Ryan Zinke the ‘Geologist’

CNN reports that the Interior Secretary, who claims to be a "geologist," merely has a geology degree.

A rather weird story on CNN (“Ryan Zinke refers to himself as a geologist. That’s a job he’s never held.“):

Defending his decision to shrink the Bears Ears national monument to lawmakers last week, Interior Secretary Ryan Zinke fell back one of his favorite credentials.

“I’m a geologist,” he said. “I can assure you that oil and gas in Bears Ears was not part of my decision matrix. A geologist will tell you there is little, if any, oil and gas.”

Since becoming leader of the 70,000-employee agency, Zinke has suggested that he was a geologist or former geologist at least 40 times in public settings, including many under oath before Congress.

He uses it as a credential booster, saying things such as, “I can tell you, from a geologist, offshore mining of sand is enormously destructive environmentally, as in comparison to seismic,” as he told the House Natural Resources Committee last month.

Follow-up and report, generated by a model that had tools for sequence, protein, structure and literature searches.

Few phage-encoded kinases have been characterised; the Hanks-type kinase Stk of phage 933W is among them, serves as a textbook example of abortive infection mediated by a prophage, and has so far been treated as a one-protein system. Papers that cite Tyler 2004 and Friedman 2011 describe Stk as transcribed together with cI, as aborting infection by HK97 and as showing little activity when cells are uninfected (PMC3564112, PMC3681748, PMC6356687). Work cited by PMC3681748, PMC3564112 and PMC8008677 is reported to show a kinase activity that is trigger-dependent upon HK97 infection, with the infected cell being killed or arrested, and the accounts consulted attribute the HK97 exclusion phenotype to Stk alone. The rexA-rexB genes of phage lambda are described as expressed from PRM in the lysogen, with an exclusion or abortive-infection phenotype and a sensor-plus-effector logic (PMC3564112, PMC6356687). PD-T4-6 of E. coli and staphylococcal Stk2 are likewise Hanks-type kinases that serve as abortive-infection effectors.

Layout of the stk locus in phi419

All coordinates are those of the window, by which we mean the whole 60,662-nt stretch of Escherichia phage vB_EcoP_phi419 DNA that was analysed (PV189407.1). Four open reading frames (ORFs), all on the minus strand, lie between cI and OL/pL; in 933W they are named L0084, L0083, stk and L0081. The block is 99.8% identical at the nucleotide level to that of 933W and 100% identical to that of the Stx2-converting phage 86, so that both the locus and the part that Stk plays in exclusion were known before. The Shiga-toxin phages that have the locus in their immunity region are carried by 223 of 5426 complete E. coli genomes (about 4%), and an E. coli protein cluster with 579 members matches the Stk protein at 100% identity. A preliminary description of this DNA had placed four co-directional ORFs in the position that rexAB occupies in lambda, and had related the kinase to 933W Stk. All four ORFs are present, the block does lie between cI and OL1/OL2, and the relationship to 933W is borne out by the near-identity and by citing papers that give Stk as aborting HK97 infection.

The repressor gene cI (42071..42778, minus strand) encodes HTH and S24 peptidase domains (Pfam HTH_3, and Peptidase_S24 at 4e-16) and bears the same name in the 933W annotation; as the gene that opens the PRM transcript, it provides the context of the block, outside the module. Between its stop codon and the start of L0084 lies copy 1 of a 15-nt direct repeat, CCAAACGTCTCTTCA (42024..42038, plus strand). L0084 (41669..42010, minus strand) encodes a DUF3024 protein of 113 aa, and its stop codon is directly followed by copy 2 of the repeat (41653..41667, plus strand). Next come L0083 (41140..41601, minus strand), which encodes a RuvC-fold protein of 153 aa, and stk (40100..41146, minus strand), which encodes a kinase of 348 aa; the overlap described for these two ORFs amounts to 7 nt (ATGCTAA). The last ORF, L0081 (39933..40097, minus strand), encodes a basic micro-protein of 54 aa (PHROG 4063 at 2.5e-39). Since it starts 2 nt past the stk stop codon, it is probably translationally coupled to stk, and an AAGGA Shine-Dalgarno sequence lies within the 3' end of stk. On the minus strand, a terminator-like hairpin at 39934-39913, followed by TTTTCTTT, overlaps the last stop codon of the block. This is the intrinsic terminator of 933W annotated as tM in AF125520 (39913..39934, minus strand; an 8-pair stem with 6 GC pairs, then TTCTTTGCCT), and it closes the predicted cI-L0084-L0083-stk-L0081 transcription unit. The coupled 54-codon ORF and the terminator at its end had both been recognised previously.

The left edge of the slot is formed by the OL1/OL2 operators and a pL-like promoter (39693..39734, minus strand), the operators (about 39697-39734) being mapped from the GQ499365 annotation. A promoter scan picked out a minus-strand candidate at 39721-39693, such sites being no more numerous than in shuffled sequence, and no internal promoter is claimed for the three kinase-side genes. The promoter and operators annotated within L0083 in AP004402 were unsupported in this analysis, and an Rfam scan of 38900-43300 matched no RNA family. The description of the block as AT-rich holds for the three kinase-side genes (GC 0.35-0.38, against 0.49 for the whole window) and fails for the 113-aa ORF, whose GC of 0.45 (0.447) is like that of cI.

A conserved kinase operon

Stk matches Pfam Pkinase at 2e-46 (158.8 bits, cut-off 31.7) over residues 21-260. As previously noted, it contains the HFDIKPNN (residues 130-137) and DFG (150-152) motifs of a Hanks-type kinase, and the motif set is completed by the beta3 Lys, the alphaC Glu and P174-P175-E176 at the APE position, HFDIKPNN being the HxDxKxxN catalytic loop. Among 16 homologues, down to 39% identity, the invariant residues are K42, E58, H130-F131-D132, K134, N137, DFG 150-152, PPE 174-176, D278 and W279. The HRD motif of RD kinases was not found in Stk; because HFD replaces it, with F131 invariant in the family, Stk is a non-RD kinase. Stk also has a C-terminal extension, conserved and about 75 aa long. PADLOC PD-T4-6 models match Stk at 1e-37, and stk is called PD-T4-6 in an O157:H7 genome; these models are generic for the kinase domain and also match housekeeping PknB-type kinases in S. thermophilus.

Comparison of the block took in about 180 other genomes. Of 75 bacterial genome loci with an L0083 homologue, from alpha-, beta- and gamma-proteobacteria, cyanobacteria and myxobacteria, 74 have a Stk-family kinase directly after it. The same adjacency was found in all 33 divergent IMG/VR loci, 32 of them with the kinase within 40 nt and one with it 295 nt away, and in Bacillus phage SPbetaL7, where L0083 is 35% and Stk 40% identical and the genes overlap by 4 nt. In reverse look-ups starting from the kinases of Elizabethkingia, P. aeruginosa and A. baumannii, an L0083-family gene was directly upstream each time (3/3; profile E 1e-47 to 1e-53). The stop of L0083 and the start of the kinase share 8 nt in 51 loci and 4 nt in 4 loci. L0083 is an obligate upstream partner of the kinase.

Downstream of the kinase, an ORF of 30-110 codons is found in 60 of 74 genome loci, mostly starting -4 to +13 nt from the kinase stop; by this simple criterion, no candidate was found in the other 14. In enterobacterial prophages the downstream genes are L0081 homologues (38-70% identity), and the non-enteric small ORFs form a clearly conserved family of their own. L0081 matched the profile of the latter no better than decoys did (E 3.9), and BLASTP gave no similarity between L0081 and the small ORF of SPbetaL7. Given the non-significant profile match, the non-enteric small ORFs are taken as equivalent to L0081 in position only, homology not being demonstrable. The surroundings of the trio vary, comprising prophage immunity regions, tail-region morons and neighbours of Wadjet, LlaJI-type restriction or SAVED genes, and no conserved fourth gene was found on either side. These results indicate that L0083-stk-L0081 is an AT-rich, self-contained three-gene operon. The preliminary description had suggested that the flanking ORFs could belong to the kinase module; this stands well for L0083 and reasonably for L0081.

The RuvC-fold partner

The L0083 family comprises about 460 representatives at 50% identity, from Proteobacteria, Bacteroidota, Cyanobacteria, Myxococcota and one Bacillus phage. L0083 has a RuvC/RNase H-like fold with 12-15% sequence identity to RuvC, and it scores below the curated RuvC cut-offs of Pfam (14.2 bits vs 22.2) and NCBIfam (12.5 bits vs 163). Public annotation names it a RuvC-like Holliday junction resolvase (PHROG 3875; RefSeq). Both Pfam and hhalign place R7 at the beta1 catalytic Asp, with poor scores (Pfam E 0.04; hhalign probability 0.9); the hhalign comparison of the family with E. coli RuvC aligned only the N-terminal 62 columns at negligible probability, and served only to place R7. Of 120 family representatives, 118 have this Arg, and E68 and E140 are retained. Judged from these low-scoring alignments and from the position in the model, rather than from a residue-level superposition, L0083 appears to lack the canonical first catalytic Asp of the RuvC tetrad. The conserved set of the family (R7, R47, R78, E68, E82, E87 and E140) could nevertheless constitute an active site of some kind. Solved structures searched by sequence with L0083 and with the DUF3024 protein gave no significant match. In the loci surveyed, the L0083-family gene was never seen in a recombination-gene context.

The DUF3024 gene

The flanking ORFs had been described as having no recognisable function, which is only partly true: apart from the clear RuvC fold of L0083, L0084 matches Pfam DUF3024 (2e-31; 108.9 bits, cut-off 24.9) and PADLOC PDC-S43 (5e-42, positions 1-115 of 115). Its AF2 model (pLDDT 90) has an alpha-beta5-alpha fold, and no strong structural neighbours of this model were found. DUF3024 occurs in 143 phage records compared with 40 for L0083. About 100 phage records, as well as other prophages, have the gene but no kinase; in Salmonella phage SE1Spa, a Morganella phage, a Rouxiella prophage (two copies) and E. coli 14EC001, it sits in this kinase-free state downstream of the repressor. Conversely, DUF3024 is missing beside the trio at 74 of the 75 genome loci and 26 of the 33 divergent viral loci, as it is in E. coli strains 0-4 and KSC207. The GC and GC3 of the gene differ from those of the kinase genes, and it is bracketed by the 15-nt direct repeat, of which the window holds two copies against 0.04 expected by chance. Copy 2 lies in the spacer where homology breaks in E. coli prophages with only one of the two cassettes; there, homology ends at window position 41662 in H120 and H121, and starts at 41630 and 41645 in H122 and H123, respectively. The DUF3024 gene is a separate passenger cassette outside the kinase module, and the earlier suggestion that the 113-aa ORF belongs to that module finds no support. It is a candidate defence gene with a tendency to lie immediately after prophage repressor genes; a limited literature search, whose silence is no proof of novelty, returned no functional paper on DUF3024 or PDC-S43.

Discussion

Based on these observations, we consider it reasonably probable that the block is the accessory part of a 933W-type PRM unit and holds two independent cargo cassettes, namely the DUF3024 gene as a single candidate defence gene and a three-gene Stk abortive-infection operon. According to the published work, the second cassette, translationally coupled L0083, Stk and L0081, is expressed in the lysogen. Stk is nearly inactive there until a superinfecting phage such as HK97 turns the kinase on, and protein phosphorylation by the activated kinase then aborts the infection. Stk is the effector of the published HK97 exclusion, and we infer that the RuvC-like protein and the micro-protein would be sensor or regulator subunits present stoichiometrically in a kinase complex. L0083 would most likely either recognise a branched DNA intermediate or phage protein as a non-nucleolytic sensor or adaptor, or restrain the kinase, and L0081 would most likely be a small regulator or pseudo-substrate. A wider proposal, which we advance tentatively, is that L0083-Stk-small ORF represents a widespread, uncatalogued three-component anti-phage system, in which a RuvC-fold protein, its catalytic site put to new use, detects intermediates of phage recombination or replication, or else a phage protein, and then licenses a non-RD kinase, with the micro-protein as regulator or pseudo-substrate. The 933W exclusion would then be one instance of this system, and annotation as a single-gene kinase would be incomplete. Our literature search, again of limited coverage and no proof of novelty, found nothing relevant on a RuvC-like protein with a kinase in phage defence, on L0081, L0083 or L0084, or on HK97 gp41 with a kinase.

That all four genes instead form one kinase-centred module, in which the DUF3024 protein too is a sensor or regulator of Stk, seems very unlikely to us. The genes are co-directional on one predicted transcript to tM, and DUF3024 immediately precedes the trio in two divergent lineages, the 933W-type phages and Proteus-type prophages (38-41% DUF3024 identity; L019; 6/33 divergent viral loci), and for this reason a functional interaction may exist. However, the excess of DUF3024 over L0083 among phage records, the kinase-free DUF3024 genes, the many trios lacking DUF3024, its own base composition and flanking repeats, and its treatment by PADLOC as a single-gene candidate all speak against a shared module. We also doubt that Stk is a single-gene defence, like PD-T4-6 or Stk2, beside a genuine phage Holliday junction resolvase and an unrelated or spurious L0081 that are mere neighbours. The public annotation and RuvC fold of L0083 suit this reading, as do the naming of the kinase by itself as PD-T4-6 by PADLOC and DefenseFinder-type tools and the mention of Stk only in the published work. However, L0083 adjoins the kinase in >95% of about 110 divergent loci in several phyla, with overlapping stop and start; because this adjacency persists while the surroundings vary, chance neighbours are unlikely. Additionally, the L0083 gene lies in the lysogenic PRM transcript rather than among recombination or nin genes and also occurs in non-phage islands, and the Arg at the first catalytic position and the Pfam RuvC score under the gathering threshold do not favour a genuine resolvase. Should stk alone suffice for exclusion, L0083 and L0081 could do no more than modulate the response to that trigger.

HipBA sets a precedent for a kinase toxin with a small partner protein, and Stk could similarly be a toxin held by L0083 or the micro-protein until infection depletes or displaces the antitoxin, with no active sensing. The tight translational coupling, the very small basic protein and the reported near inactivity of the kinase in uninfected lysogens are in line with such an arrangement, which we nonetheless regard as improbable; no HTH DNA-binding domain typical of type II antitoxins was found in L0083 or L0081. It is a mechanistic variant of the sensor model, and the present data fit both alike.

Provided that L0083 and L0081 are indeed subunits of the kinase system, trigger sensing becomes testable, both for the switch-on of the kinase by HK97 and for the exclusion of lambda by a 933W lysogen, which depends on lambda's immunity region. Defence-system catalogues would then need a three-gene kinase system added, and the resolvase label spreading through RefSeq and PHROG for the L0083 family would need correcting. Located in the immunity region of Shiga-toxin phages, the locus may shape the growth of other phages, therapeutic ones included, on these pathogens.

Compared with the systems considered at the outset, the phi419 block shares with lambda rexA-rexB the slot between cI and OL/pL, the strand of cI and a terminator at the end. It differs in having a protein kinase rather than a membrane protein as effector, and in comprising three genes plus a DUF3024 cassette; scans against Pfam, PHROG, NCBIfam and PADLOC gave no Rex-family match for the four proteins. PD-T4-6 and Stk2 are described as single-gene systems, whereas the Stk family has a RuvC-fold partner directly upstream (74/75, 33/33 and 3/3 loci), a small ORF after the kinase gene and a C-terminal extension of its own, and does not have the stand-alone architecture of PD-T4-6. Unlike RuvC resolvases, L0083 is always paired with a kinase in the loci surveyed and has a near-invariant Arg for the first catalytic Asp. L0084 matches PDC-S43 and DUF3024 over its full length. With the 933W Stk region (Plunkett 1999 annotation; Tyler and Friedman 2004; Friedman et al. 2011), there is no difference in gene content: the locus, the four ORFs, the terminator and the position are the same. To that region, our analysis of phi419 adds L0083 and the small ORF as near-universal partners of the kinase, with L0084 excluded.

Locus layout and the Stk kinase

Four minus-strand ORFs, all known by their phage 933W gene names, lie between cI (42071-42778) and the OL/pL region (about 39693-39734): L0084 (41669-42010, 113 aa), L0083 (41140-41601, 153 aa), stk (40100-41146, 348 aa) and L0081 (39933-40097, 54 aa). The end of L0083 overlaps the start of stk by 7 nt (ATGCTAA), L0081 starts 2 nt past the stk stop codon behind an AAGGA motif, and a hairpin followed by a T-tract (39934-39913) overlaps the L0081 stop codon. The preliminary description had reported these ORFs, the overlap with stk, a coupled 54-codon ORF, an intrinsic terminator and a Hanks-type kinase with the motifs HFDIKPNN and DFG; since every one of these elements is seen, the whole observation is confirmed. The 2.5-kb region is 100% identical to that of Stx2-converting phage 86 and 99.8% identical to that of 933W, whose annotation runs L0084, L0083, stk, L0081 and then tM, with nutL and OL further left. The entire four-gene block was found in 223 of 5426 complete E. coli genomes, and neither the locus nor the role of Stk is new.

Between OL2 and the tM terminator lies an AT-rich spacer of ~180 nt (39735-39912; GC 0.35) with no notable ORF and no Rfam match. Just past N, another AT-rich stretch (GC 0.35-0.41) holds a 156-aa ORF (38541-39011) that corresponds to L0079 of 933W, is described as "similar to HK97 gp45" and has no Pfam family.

And, “Florida is different in the currents — I’m a geologist — it’s different in geology,” in an interview with Breitbart News, defending his decision to exempt Florida from offshore drilling.

He also uses it while discussing coal revenue, seismic activity, climate change, national monuments, precious metals, endangered species, fracking and drilling.

In May, he criticized the work of the US Geological Survey, saying at a press conference in Alaska that “I think the assessments of the USGS has done previous, I think they fall short, from a geologist’s point of view.”

Zinke, however, has never held a job as a geologist.

So . . . on what basis does he claim to be a “geologist”?

In his autobiography, Zinke wrote that he majored in geology at the University of Oregon, which he attended on a football scholarship, and chose his major at random.

But that’s untrue?

Interior spokeswoman Heather Swift provided this statement to CNN: “Ryan Zinke graduated with honors with a B.S. in Geology. His intended career path was underwater geology – and he had college jobs to support that career. Upon graduation he was recruited to be an officer in the US Navy SEALs where he proudly served for 23 years and retired with the rank of Commander.”

So, it’s not untrue?

Interior did not answer if Zinke is or has been a member of the American Institute of Professional Geologists or the Association of State Boards of Geologists.